If you believe the map, the Cape Fear & Yadkin Rail Road was the first railroad completed within the state of North Carolina.
The map was wrong.
“North Carolina, South Carolina, and Georgia“ was first published in several 1835 atlases, the best known of which is Thomas G. Bradford’s A Comprehensive Atlas Geographical, Historical, and Commercial. The map shows an early network of proposed and chartered railroads crisscrossing the state. Only one railroad is depicted as “Finished”, that being a segment of the Cape Fear & Yadkin Rail Road running from Wilmington to the Cape Fear River near Fayetteville. Northwest of Fayetteville towards Rowan County, the CF&YRR is shown as proposed on this map.
Bradford’s map suggests that the Cape Fear & Yadkin Rail Road was the first of its kind in operation in North Carolina. That was not the case. In James C. Burke’s North Carolina’s First Railroads, a Study in Historical Geography (2008), we learn that the Cape Fear & Yadkin Rail Road was “incorporated during the 1831-32 Session of the General Assembly”, and the books open for subscription in May of 1832. Just one year later, news of the demise of this proposed railroad was published in a Wilmington newspaper, and subscribers were informed that their money would be returned. I suppose one could say it was “Finished” before it ever got started! In 1838, Bradford published another atlas with slightly larger maps. The North Carolina map in that atlas shows only the Wilmington & Weldon and Raleigh & Gaston railroads, the former completed on March 7, 1840, and the latter completed one month later.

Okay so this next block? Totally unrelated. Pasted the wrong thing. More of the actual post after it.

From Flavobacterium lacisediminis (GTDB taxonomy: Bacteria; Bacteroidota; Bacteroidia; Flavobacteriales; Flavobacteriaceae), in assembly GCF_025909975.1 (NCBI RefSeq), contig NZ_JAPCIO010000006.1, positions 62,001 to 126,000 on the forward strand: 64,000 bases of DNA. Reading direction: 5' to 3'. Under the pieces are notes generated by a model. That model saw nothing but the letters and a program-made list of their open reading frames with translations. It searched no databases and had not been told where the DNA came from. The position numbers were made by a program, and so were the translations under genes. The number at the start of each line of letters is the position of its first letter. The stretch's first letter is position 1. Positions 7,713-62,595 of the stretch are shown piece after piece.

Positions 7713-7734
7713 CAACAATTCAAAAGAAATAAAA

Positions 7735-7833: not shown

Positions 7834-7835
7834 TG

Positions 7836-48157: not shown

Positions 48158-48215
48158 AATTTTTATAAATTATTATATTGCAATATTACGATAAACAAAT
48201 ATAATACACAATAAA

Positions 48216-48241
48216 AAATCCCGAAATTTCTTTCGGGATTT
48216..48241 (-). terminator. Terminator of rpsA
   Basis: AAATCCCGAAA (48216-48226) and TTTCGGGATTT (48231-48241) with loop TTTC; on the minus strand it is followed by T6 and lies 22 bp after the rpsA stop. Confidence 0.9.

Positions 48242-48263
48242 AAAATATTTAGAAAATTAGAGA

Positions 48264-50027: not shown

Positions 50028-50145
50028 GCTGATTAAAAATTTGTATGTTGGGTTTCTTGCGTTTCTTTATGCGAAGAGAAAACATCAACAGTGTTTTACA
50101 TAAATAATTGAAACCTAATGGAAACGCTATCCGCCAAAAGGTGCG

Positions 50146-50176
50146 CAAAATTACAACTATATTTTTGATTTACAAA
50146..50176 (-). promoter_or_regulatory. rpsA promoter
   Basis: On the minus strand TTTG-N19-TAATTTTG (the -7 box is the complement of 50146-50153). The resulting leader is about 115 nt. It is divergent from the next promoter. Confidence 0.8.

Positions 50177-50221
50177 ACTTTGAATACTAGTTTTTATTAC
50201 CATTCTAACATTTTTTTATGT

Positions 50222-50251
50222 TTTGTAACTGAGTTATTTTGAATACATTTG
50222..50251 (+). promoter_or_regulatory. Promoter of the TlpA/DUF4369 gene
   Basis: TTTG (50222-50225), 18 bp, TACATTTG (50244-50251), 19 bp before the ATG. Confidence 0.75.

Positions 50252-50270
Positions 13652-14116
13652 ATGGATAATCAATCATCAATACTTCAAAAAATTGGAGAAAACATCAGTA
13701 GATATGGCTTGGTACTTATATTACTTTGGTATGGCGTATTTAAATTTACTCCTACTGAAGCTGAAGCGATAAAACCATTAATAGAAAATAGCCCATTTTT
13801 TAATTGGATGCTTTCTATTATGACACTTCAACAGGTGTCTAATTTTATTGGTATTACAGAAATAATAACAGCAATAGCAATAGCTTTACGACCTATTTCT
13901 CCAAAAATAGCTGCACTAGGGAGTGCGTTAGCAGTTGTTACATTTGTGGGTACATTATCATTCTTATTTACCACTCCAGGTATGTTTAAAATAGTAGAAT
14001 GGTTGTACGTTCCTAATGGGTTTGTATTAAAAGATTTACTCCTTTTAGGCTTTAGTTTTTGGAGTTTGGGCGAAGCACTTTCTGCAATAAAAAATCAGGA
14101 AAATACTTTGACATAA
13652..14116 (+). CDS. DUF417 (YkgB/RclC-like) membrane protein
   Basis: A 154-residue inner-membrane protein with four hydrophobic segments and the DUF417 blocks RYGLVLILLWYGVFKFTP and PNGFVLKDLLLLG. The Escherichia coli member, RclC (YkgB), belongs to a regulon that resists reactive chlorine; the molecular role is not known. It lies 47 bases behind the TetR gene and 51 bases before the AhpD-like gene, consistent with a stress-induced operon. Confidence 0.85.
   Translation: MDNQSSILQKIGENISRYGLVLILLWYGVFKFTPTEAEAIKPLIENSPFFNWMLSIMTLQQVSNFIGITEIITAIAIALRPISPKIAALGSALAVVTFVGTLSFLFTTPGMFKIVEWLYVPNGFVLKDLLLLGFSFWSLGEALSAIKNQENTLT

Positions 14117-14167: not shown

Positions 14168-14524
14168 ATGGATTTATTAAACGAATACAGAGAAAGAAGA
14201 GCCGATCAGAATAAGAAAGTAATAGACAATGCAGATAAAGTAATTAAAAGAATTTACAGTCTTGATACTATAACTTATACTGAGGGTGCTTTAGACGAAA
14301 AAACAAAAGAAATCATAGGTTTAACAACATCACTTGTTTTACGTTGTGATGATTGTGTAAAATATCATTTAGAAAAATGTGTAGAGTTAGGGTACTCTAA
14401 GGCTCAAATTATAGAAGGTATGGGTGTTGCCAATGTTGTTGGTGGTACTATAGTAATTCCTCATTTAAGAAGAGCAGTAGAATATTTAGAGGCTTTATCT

As for a Cape Fear & Yadkin railroad, one was eventually completed… more than fifty years after the original incorporation, and under the slightly different name of Cape Fear & Yadkin Valley Railroad. A detailed contemporary account of that railroad is available on line: The Cape Fear and Yadkin Valley Railway : (from Mt. Airy, at the base of the Blue Ridge, to Wilmington, N.C.) : its origin, construction, connections, and extensions
For those of you who use maps for genealogical or other historical research, this is another excellent example of how maps don’t always reflect reality. For those of you who would like to read more about North Carolina’s railroad history, J.D. Lewis provides extensive coverage on his Carolana web site. There is also a multipart entry in the online version of the North Carolina Encyclopedia.
If you prefer to hold a book in your hand while learning about North Carolina railroads, try some of the following:
Railroading in the Carolina Sandhills ; the 19th century (1825-1900), by S. David Carriker (1985)
Crossties through Carolina; the story of North Carolina’s early day railroads, by John F. Gilbert and Grady Jefferys (1969)
The North Carolina Railroad, 1849-1871, and the modernization of North Carolina, by Allen W. Trelease (1991)
North Carolina Railroads, by S. David Carriker (1989)